Who’s Running the Show?

Just to keep the trucking industry aware of its reputation, NSW’s Roads and Maritime Services has done it again. In a direct contradiction of its previous advice, the RMS has now informed heavy haulage operators traveling from interstate they will be required to hold an MC license if using a dolly between prime mover and trailer.

 

Screenshot 2015-10-30 04.56.18

 

“Drivers who operate a low loader trailer, connected to a low loader dolly attached to a prime mover must ensure they hold the appropriate licence class or risk serious fines if caught,” said an MC Class License Bulletin, released by RMS this week. “It is vital that truck drivers hold the correct licence for the vehicle they are operating to ensure they have the right skills to manage the vehicle combination for the safety of all road users.

 

“Drivers and operators who are on the road without an appropriate licence may also risk voiding insurance should there be an incident.”

 

This is followed by the real kicker:

 

“This requirement also applies to interstate licenced drivers who are driving these multi combinations on NSW roads. They must have an MC class licence to avoid enforcement action.”

 

Back on October 2, Diesel News reported the RMS policy outlined by the authorities at the time and while NSW licensed drivers were to be forced to use an MC licence when using a dolly, this rule would not apply to those with interstate licences.

 

Unsurprisingly, the notice referred to, at the time, an RMS fact sheet posted at http://www.rms.nsw.gov.au/documents/business-industry/heavy-vehicles/multi-combination-licence-2015-09.pdf, is no longer to found on the RMS website.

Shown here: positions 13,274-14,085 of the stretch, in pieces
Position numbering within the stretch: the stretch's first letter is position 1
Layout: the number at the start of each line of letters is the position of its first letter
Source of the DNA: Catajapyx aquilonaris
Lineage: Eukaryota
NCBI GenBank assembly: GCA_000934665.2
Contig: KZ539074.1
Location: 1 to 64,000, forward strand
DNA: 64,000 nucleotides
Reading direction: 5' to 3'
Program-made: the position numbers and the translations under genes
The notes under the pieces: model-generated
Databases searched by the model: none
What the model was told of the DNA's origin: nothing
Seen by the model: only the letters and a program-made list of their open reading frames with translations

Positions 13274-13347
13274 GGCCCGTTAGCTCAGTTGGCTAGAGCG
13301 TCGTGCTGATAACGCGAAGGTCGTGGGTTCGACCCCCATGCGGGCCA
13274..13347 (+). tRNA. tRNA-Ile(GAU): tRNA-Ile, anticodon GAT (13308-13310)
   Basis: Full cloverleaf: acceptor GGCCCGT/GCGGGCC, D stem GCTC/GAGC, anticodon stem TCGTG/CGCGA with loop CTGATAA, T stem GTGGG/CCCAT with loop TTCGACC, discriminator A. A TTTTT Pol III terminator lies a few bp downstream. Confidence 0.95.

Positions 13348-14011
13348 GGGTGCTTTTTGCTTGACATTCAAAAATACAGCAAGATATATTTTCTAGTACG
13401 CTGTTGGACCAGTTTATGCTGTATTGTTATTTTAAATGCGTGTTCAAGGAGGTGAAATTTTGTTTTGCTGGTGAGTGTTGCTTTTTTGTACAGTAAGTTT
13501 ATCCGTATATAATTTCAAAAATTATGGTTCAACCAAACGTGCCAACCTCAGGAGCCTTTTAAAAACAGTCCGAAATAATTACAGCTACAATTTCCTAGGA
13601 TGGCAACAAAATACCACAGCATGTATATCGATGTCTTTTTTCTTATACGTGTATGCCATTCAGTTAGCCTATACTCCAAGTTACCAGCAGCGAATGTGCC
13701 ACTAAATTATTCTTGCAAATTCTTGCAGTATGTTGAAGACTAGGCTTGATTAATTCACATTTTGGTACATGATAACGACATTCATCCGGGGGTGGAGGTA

“Roads and Maritime consulted with the heavy vehicle industry earlier this year,” said the notice issued this week by RMS. “Concerns about the licence status of heavy haulage drivers were raised. Industry agreed a six-month transition period was required during which formal warnings were issued by Roads and Maritime inspectors instead of penalty notices. This notice period ended on 30 September 2015.

 

“Roads and Maritime and NSW Police enforce this regulatory requirement. Drivers are considered unlicensed if they do not hold an MC class licence and the vehicle will be grounded. Roads and Maritime will assist the driver in contacting the operator and making arrangements for the vehicle and load to continue on the journey.

 

“A penalty notice fine of $637 applies for a first offence and $1,275 applies for a second or subsequent offence for anyone caught with an inappropriate class of licence. The fine system is designed to influence behaviour by making sure individuals take responsibility for actions which break the law.”

 

COR Fines for Consignor and Loader Playing with the Big Boys

Author: Tim Giles

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